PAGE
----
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post #1 of 4 Old 12-07-2010 Thread Starter
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Need a raw water manifold

Before we get too far - I HATE BRONZE - it is a religious conviction and is not debatable - now --- I have a 1.25 inch thru-hull system with a Marleon ball valve. From that I plan to go to a seawater strainer and then to a manifold that sends some of the water to the head intake, the sink/anchor spray pressure system and the engine cooling. The best I've come up with is two inline PVC Tees with glued-in nipples. Any other solutions - I HATE BRONZE.

Charles

Last edited by micheck; 12-07-2010 at 06:52 PM. Reason: I can't count
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post #2 of 4 Old 12-08-2010
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I would highly recommend having the engine intake on a separate through-hull or adding seacocks to the lines coming off the manifold so that you can shut off the head and sink/anchor washdown systems independently of the engine cooling water.

Why not use a proper manifold box, preferably with a clear top to allow visual inspection.

Sailingdog

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post #3 of 4 Old 12-08-2010
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Unless carefully sized/engineered, an 'inlet' manifold serving several functions can easily be well below the flow requirements of the total requirements ... and 'choke'/cavitate. To do this correctly, you MUST calculate (then test) ALL the 'stack up' of pressure drops at full flow for all the 'branches'. Unless you do this carefully, you risk 'turbulent flow' and the *whole* system will not operate correctly .... the first component/branch to be possibly damaged will be the engine with a 'severely restricted' raw water flow. This is 'especially' pertinent for when in very WARM water so to prevent the inlet water from potentially 'flashing'/boiling when severe pump(s) vacuum is applied when the total 'demand' is the greatest and is becoming 'turbulent'. As S'dog stated, the engine should 'always' be on a totally SEPARATE and independent inlet.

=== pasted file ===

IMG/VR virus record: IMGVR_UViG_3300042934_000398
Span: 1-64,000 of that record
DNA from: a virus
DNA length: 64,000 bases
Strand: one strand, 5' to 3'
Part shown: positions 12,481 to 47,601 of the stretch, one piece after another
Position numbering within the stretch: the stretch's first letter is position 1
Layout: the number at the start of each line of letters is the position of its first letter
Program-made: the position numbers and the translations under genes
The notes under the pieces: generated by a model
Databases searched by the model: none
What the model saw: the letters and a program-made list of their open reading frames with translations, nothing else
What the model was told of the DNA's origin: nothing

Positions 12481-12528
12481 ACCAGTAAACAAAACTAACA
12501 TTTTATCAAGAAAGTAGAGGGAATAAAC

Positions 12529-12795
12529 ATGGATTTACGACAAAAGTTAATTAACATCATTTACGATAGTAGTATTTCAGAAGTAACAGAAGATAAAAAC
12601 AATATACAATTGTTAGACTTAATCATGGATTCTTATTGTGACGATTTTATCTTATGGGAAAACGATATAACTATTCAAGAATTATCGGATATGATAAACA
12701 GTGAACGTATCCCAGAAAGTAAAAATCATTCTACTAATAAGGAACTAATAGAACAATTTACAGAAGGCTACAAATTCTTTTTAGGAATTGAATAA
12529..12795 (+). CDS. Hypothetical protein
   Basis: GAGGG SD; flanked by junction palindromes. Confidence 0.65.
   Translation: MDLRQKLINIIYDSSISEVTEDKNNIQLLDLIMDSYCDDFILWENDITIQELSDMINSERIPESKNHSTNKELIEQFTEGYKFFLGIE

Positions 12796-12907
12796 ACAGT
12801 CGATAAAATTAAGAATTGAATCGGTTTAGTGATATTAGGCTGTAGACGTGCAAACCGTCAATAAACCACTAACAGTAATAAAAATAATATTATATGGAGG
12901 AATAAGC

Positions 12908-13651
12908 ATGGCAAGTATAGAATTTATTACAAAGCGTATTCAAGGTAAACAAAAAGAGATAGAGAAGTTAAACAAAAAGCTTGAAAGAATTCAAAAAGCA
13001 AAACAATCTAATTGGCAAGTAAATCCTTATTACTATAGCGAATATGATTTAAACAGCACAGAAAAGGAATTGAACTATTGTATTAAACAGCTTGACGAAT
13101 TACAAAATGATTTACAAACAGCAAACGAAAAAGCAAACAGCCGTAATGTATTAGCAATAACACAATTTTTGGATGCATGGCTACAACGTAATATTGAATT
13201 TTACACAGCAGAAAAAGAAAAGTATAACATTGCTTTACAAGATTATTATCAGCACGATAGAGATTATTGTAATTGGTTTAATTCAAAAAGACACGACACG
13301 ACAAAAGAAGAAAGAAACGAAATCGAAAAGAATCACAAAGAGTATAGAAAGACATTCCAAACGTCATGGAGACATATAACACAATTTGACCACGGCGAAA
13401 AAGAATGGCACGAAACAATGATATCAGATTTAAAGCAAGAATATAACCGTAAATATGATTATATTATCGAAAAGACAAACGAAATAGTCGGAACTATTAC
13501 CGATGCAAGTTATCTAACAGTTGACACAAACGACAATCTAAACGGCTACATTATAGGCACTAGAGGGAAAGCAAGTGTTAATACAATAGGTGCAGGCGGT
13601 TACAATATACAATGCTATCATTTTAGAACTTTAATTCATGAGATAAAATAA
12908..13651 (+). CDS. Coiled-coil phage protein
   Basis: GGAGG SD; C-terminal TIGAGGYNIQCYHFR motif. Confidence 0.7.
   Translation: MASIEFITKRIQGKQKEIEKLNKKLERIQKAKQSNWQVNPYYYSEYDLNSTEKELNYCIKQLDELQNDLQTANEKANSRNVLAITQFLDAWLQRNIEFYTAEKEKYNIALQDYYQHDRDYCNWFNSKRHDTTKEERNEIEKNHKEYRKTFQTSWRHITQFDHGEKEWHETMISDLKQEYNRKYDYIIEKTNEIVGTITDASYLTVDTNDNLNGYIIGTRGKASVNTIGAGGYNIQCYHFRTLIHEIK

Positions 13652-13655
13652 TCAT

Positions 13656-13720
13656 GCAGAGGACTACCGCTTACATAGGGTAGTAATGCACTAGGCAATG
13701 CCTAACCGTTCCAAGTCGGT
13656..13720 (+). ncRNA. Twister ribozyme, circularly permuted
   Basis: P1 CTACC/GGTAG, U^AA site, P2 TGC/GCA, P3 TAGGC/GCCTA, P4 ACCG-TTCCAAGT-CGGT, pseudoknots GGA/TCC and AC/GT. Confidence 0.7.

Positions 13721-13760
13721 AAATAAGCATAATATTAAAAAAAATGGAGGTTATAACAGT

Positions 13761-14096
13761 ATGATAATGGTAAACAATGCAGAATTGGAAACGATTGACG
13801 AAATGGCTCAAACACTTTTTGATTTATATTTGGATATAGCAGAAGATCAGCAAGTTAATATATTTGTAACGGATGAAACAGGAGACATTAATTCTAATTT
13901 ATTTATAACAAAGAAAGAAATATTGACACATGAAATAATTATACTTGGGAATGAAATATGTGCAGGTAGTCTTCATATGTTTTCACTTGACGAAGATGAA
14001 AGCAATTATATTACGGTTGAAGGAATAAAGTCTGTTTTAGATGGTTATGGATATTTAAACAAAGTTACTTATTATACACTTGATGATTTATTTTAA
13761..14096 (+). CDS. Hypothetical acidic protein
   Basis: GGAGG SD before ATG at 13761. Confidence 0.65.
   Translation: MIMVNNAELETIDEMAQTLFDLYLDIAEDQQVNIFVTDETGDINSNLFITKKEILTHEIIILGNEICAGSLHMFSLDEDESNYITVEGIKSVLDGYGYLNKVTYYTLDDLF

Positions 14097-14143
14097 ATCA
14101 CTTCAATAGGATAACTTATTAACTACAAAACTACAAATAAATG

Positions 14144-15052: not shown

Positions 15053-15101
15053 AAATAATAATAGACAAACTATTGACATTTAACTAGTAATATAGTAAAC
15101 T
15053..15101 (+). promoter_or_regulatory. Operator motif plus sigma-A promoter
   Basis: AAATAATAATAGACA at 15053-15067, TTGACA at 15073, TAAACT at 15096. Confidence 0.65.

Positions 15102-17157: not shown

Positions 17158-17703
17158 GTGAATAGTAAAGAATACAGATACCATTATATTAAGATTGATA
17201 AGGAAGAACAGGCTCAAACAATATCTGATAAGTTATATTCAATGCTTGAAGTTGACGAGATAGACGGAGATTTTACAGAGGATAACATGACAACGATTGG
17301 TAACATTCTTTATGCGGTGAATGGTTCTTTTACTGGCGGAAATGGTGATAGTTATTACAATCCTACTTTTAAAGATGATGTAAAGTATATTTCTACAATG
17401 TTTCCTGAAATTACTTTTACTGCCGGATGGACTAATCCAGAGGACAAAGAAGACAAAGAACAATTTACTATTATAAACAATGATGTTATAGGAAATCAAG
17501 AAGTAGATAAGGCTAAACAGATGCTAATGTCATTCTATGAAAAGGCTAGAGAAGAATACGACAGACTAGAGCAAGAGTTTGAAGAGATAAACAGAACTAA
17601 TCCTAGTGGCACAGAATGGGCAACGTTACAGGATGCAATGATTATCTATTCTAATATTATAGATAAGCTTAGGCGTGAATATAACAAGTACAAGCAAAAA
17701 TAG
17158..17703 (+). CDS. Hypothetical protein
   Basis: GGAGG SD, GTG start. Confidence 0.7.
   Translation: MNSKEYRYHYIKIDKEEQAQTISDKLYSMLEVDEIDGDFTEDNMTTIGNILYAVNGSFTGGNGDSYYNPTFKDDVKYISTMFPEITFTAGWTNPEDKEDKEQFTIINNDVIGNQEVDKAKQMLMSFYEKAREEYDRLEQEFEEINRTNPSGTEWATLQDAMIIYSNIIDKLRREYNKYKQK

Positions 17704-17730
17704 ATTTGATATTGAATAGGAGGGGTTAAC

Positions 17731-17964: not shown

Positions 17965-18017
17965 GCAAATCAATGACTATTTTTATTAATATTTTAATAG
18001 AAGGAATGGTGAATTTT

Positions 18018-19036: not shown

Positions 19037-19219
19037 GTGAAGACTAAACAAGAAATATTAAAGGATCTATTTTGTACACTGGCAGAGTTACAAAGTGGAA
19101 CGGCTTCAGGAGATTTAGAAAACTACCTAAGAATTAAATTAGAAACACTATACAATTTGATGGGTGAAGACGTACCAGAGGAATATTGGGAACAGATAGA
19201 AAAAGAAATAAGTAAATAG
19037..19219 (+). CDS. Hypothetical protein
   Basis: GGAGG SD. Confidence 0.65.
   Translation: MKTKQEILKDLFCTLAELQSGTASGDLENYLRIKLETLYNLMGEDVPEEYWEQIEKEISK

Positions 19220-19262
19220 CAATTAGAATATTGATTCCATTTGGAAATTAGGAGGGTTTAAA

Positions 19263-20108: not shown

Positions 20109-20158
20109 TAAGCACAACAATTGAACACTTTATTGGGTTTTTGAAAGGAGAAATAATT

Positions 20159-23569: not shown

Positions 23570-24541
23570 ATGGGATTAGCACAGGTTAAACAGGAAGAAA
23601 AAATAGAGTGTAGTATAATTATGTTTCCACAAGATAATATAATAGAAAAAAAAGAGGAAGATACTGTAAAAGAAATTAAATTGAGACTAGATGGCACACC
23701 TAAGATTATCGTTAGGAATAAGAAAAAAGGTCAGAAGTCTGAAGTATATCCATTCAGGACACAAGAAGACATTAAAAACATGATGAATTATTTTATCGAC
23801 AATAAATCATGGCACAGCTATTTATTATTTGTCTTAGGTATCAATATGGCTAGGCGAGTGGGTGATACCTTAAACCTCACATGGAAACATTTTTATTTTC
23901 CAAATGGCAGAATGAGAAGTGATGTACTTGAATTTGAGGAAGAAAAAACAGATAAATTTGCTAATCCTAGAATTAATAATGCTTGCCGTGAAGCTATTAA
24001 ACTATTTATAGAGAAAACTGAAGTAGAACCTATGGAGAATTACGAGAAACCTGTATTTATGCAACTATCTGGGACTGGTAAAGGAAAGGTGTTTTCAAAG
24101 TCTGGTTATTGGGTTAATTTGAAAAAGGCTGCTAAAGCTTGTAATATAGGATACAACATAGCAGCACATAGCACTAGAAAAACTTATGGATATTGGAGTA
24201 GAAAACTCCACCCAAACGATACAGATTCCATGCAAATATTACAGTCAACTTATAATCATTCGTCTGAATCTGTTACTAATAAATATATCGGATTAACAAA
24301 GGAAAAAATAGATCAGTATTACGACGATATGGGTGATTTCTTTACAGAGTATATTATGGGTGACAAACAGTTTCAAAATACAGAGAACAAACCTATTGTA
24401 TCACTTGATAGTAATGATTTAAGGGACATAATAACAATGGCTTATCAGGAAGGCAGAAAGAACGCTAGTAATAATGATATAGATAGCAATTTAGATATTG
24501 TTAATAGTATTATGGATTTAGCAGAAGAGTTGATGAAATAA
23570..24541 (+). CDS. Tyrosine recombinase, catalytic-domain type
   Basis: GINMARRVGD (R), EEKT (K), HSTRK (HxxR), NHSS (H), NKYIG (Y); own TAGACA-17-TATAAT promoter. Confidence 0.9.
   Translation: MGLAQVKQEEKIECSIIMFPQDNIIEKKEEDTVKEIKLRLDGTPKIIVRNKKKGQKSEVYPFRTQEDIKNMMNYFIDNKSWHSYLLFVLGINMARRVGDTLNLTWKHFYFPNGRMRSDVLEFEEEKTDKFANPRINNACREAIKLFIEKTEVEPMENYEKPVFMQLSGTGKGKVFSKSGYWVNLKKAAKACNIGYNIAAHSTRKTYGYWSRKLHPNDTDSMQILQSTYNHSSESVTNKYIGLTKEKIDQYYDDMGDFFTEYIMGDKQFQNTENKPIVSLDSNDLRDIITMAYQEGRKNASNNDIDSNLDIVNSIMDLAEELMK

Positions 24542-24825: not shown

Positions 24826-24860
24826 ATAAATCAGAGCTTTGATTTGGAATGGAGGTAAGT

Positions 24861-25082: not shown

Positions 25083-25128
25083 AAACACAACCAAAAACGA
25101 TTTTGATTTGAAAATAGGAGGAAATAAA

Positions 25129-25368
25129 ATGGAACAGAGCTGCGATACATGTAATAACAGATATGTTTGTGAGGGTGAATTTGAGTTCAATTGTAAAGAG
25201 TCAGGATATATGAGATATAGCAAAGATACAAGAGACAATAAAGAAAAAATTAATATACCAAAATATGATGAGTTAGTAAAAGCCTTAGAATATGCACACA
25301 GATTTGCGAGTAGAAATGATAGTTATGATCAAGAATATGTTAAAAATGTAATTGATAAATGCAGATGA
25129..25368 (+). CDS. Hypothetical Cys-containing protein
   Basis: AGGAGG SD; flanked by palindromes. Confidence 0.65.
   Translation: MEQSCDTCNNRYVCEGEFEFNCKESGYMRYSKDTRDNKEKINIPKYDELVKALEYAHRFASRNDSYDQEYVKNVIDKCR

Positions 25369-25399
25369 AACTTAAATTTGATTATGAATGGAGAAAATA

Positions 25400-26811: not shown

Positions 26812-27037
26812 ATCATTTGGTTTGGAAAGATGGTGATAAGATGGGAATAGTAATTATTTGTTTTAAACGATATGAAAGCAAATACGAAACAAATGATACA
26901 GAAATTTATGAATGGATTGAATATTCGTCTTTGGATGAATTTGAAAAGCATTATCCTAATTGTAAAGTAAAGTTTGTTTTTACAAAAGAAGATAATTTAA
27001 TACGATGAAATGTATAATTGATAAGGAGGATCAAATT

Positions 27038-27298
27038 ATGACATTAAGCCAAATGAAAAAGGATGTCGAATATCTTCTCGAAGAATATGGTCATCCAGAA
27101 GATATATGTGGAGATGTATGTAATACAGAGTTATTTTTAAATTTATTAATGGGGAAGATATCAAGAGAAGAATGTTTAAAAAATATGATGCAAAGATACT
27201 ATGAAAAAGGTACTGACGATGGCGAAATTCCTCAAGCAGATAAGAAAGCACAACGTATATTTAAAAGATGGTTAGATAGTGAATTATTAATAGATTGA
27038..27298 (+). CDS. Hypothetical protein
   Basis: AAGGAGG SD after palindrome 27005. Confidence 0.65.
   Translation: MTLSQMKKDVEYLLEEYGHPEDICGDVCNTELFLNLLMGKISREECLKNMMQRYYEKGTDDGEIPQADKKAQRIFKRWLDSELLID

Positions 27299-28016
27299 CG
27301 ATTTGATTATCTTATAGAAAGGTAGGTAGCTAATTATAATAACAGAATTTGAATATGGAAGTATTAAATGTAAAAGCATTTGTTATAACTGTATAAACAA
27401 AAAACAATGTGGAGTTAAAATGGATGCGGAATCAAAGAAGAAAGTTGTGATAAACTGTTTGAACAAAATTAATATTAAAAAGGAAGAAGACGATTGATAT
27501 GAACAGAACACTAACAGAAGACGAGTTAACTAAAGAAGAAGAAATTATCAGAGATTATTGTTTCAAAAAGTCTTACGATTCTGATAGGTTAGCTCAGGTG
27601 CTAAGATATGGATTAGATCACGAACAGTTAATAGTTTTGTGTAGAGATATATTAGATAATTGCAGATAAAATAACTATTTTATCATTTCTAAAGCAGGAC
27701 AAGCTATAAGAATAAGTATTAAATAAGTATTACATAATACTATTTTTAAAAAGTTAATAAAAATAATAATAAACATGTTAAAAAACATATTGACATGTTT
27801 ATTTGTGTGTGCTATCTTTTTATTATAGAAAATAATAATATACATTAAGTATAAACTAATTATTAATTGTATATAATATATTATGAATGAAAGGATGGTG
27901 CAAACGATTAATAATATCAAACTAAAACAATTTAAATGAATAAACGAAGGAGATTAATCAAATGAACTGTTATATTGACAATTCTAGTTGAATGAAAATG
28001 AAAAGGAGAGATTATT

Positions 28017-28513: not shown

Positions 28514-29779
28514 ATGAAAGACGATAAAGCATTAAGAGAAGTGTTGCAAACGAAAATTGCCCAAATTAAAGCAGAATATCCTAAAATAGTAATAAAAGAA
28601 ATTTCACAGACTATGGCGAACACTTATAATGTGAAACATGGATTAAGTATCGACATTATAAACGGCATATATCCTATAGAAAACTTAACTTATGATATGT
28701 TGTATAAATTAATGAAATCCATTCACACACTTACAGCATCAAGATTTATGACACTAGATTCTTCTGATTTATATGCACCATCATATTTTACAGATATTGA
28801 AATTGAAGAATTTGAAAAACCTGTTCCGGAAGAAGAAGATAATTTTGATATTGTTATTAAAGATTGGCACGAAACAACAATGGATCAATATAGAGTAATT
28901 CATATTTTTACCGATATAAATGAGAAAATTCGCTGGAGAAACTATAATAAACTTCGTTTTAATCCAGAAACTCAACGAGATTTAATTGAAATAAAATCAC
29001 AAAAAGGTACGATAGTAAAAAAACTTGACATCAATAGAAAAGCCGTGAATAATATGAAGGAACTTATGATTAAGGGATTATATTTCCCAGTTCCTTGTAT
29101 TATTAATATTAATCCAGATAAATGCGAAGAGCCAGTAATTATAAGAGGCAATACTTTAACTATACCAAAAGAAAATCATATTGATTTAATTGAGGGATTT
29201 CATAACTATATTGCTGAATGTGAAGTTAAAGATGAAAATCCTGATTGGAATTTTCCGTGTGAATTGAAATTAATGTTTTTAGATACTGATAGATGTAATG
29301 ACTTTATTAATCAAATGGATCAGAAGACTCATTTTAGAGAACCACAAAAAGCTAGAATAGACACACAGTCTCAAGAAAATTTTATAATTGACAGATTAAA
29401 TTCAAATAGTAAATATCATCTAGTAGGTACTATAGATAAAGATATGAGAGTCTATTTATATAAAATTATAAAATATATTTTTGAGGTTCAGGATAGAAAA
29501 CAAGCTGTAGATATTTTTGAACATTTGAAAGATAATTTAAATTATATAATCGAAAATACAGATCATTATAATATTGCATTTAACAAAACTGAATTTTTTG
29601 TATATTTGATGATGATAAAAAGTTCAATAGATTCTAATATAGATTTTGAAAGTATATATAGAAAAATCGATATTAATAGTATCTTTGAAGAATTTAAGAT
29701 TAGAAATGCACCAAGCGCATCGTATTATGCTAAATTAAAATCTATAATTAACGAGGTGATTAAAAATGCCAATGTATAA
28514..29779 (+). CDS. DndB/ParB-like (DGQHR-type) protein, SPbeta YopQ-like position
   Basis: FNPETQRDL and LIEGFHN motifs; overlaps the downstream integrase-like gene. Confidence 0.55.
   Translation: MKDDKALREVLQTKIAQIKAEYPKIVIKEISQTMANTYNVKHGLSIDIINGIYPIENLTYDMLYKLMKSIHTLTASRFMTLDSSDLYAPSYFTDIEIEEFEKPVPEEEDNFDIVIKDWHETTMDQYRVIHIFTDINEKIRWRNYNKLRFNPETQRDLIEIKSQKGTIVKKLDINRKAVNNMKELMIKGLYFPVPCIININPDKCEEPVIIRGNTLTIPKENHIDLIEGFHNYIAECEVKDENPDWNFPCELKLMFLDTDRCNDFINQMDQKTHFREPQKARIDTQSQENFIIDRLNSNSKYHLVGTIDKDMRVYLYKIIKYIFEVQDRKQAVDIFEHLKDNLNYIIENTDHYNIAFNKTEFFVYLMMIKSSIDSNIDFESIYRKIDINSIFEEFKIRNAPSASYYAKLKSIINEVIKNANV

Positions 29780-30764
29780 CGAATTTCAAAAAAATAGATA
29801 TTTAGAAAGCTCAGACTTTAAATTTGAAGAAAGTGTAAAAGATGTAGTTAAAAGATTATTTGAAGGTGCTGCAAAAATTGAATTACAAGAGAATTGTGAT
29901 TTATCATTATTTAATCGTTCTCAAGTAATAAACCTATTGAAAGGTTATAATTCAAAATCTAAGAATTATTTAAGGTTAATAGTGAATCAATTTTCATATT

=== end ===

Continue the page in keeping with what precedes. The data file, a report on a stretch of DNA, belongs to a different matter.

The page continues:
Let me attempt to change your 'bronze apostasy' - There is absolutely nothing 'wrong' with bronze for seawater service - TRUE bronze, not the cheap 'red-brass' that is foisted off to marine consumers as 'bronze'. RedBrass is a 'bronze' that is loaded with zinc to make the bronze 'easily machinable' - can become a boats 'zinc anode' when the other boat zincs fail. "Good Bronze" is a royal bitch to machine and therefore is 'not cheap' because it takes special expertise and specialized tooling to machine it. One of the most stable bronzes for seawater service is Nickle-Aluminum-Bronze (bring your mortgage application with you when you buy NiAlBronze).
Marelon is a nylon co-polymer, Nylon readily 'hydrolyses' (comes apart) in long term water contact; I would rate 'marelon' one step above red brass for seawater service.

Last edited by RichH; 12-08-2010 at 09:51 AM.
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post #4 of 4 Old 12-08-2010 Thread Starter
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Thank you both - I will re-think and do as you advised
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